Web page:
Oct. 5 rally to protest
U.S. House vote on former Panther
From Afrikan.net/HYPE Information Service>
2 October 1998
(Washington, D.C.) -- Supporters of exiled former
Black Panther Assata Shakur will hold a rally here Monday to protest
a congressional resolution that calls on the government of Cuba
to extradite her to the United States.
The Ad Hoc Coalition to Keep Assata Shakur Free
will hold a press conference at noon on Capitol Hill on Independence
Avenue, between 1st Street Southwest and 1st Street Southeast. The
rally will follow the press conference.
House Concurrent Resolution 254, passed on Sept.
14, is a non-binding measure. Nevertheless, "it gives tacit
approval for U.S. law enforcement agencies to kidnap Assata Shakur
and other revolutionaries living in exile and illegally extradite
them to America," according to coalition spokesman Damon McGhee.
Shakur, 51, was a key target of the FBI Counterintelligence
Program launched in 1967 against numerous Black organizations and
activists. A 1976 U.S. Senate investigation found that a primary
objective of COINTELPRO was to destroy black political dissent in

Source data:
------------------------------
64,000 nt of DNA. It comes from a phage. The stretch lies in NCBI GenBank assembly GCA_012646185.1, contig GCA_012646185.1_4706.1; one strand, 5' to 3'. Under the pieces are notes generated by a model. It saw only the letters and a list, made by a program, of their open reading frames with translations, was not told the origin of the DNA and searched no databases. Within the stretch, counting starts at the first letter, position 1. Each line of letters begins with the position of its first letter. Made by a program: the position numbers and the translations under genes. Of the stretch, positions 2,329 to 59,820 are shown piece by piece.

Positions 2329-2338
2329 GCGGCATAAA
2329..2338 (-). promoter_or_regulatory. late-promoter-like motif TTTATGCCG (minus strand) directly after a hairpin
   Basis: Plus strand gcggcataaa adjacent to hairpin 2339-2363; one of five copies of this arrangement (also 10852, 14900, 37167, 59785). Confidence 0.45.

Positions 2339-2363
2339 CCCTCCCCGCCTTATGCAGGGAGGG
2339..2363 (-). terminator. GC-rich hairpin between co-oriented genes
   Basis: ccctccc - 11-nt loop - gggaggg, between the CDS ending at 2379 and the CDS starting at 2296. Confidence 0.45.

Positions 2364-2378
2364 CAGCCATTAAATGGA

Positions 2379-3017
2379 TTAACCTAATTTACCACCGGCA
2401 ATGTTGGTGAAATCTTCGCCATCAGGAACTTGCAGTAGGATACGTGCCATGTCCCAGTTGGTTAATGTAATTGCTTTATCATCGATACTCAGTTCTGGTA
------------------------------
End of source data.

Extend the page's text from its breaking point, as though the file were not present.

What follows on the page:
America. The Black Panther Party was singled out for persecution
by the FBI.
Prior to her arrest in May, 1973, for the murder
of New Jersey state trooper Werner Foerster, Shakur was "wanted"
on several federal and state charges. All of these charges were
subsequently dismissed or juries found her not guilty.
In March, 1977, Shakur was sentenced to life in
prison for the murder of Foerster, a crime she says she did not
commit. She escaped from New Jersey's Clinton Correctional Institute
in November, 1979, and subsequently was granted political asylum
by the government of Cuba. Earlier this year, New Jersey Gov. Christine
Todd Whitman offered a $50,000 bounty for Shakur's capture and return
to New Jersey. An "open letter" protesting Whitman's offer
was signed by hundreds of organizations and individuals in and outside
of the United States.
The demands of the ad hoc coalition include: the
repeal of House Concurrent Resolution 254; congressional hearings
on COINTELPRO; a pardon and/or grant of executive clemency to Shakur;
general and unconditional amnesty to all political prisoners, prisoners
of war and exiles. "Assata Shakur lives today in forced exile
in Cuba because of her commitment to equality of life for black
people in America," McGhee said. Many other black activists,
he added, have been in prison for over 20 years on COINTELPRO-fabricated
charges, such as those against Shakur.
"The situation of these prisoners raises issues
of fairness regarding the racist treatment of people of African
descent in the U.S. criminal justice system," McGhee said.
Twenty-three of the 36 members of the Congressional
Black Caucus voted for the resolution. Thirteen did not vote.